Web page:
“Branding is something that has been on the forefront of every business conversation,” said Paige Port, Dear Media’s president. “What does the brand look like on cover art, in the studio, when it comes to distribution. It’s something that’s become really recognizable, and when you see content on other platforms, it’s like, ‘Oh, that’s a Dear Media show.’”
While Dear Media uses podcasts as a launchpad for the talent with which it works, the network’s success comes from its ability to help influencers build mini media empires around themselves. “We look at all the shows as brands within themselves, and when you look at them as brands instead of just audio channels, you can do so much more,” Michael Bosstick said, mentioning opportunities that include merchandise, live events, touring, product lines, streaming and IP. “This is a focus many of our competitors can’t or won’t entertain.”
For the talent, working with Dear Media opens up monetization opportunities not often available in traditional podcasting. “Why should I have a random advertiser on the podcast that I don’t really use?” Baroncini said. “I wanted to work with brands that are a part of my life and can seamlessly integrate with my other social media channels.”
Michael Bosstick has championed sponsored episodes, where guests pay thousands of dollars to be featured on a show, similar to the way influencers would produce sponsored content for brands on their social feeds. The practice is common in the online creator space, but in podcasting, it has traditionally happened only behind the scenes. Bosstick puts it out in the open. “The Skinny Confidential Him & Her Podcast” charges between $20,000 and $40,000 per sponsored interview, according to Bloomberg News. “We always frame it as: There’s no talking points; you don’t get to submit questions; the only thing is it’s just your brand being featured,” he told Bloomberg. And sponsored episodes account for only 1 to 3 percent of Dear Media’s total programming, he said.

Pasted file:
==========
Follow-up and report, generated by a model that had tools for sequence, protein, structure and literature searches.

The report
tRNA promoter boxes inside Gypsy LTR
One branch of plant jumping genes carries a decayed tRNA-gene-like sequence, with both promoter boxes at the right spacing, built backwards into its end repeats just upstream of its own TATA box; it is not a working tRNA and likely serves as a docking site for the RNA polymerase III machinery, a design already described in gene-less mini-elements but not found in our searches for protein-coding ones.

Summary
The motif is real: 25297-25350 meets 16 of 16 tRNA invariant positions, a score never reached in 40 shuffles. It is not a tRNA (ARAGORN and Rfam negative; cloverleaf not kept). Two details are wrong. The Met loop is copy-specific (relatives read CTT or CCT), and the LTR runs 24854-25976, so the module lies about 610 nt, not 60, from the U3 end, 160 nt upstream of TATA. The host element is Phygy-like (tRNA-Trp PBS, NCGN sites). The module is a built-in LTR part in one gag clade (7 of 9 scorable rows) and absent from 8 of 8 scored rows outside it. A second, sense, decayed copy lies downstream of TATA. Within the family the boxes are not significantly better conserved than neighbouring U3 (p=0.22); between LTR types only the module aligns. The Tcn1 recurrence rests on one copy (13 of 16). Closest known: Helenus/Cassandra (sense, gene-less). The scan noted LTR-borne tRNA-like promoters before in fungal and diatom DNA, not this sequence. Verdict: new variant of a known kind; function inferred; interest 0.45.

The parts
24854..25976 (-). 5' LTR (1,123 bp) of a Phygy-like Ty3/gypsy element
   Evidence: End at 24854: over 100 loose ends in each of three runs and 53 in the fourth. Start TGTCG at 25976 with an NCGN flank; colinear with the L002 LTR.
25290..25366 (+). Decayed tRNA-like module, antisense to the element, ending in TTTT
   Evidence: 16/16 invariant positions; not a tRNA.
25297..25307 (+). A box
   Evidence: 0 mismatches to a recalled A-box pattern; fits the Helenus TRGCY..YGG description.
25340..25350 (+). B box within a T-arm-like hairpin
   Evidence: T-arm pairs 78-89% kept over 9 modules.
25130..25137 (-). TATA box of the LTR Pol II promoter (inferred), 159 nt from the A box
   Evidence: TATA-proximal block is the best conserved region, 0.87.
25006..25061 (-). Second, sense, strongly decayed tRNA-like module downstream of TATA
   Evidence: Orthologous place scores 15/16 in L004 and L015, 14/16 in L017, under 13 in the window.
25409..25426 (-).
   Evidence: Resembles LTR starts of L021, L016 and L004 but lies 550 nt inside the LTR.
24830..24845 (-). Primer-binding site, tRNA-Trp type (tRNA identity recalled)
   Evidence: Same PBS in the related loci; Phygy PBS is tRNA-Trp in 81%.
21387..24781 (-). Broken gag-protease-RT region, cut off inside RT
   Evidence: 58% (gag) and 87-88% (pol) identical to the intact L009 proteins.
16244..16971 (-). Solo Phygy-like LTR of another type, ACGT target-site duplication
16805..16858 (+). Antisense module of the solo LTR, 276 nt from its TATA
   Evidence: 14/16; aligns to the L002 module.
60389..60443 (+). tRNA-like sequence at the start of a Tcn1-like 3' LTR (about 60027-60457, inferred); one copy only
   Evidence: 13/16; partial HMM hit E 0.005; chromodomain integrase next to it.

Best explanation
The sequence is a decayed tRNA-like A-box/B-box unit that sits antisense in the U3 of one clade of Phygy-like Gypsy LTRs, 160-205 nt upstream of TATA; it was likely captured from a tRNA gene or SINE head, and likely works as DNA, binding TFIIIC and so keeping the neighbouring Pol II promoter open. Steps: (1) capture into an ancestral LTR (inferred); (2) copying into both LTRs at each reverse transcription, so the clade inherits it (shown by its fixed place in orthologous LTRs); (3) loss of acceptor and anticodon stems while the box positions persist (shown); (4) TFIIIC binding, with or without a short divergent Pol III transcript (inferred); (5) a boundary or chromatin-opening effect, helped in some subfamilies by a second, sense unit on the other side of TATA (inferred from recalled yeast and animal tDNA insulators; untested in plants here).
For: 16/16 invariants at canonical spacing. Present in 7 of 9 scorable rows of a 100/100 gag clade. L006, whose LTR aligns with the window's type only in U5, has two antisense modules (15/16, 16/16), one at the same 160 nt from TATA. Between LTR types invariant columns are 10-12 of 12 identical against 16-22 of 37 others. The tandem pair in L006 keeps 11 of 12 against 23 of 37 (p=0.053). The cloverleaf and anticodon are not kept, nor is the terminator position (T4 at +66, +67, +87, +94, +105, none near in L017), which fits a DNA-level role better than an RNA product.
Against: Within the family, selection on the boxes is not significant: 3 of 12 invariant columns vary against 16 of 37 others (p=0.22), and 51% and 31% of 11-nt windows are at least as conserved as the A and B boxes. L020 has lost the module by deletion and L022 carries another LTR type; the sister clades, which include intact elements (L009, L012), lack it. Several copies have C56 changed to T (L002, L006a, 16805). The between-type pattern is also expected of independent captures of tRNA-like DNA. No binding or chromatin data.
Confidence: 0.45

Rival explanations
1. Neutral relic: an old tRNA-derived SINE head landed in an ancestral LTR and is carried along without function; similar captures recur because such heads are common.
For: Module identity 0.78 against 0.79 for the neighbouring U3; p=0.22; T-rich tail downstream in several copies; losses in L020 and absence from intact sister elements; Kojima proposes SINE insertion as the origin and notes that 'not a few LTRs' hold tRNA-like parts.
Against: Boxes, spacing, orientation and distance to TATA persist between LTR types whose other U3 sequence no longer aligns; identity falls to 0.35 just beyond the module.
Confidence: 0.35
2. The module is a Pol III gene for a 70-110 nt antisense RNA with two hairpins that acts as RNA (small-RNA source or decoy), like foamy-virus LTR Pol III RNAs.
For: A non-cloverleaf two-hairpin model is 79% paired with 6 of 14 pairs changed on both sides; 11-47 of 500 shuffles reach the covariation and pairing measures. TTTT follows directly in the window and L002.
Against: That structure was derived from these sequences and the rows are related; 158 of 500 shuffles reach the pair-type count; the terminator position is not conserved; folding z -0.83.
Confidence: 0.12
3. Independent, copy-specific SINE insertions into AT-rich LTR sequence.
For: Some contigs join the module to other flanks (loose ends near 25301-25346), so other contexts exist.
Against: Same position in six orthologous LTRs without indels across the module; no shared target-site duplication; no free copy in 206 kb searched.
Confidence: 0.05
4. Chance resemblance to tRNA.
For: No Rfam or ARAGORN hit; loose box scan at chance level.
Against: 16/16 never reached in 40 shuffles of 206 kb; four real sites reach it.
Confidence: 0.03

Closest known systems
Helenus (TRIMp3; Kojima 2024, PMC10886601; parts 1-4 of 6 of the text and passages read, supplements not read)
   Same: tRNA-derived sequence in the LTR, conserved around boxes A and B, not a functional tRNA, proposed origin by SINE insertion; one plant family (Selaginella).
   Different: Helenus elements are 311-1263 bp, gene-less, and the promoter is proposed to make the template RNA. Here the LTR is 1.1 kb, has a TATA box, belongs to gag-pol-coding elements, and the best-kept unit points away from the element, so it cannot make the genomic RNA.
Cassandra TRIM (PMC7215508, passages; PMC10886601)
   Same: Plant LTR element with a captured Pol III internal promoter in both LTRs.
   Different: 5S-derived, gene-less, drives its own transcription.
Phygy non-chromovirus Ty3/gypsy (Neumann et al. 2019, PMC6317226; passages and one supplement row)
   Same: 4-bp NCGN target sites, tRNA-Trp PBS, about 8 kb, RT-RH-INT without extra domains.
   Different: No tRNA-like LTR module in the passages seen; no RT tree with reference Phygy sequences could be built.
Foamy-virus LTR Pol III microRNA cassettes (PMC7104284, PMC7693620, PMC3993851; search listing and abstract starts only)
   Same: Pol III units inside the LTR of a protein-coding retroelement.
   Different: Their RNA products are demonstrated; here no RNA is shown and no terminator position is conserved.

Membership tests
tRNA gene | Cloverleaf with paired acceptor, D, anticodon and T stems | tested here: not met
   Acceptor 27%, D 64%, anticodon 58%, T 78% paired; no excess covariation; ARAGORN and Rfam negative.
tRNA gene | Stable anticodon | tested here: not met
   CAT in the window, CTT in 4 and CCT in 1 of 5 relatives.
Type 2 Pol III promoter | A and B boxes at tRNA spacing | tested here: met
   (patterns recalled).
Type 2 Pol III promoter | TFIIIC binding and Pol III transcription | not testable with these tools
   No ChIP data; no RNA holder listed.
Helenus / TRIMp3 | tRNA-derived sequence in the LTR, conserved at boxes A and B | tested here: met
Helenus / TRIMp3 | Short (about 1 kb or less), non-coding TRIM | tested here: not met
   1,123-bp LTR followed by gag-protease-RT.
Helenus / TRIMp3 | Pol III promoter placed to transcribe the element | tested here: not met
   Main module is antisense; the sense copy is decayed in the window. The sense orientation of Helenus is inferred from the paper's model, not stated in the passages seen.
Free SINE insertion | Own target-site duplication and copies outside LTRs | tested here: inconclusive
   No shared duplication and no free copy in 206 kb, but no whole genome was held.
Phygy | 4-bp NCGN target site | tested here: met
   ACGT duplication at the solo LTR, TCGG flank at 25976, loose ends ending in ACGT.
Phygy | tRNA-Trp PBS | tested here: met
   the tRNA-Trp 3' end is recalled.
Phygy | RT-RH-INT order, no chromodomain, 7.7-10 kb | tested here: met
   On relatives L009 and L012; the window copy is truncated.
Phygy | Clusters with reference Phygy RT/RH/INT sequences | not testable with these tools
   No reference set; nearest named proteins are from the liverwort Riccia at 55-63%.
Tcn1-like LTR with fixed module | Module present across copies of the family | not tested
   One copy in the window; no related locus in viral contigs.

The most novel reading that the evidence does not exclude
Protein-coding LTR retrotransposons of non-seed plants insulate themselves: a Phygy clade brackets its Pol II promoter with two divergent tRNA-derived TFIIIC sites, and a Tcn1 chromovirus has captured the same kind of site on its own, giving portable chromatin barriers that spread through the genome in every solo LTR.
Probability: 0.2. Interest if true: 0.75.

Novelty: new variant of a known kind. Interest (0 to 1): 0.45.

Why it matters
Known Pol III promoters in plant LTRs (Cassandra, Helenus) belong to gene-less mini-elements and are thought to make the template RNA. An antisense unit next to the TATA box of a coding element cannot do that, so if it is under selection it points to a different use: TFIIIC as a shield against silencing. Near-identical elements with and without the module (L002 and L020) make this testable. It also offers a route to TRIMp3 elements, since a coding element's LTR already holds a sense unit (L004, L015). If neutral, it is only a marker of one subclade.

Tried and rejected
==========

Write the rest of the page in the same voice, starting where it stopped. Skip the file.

The company also spins out consumer products. Dear Media has incubated The Skinny Confidential, Bosstick’s original lifestyle brand, and Woo More Play, a sexual-wellness toy company. The company also has invested in and helped to grow a supplement brand, a line of vegan and gluten-free cookie dough, a humidifier company, a line of sparkling wine cocktails and a line of natural remedies. It also runs a thriving merchandise business.
Chat shows remain Dear Media’s bread and butter, but the company is rapidly expanding into new formats. In 2020, Dear Media raised $8 million Series A investment, telling Forbes that the company planned to use that money to broaden its slate of programming. “We’re focusing on adding more diversity, not only in the types of women we represent, but also the type of content,” Bosstick said at the time.
In November, Dear Media introduced “dailys,” which are five- to 10-minute pieces aimed at the Dear Media audience. Port calls them “digestible, snackable episodes people can start or end their day with.” The company hired a team to focus on the product.
“You can listen while doing the dishes, folding the laundry, you can be on a walk, or working,” Port said. “It’s content that doesn’t take up a huge portion of your day and can be added onto shows you’re already listening to.”
Correction: The name of the women’s sports media company Togethxr was misspelled in a previous version of this story.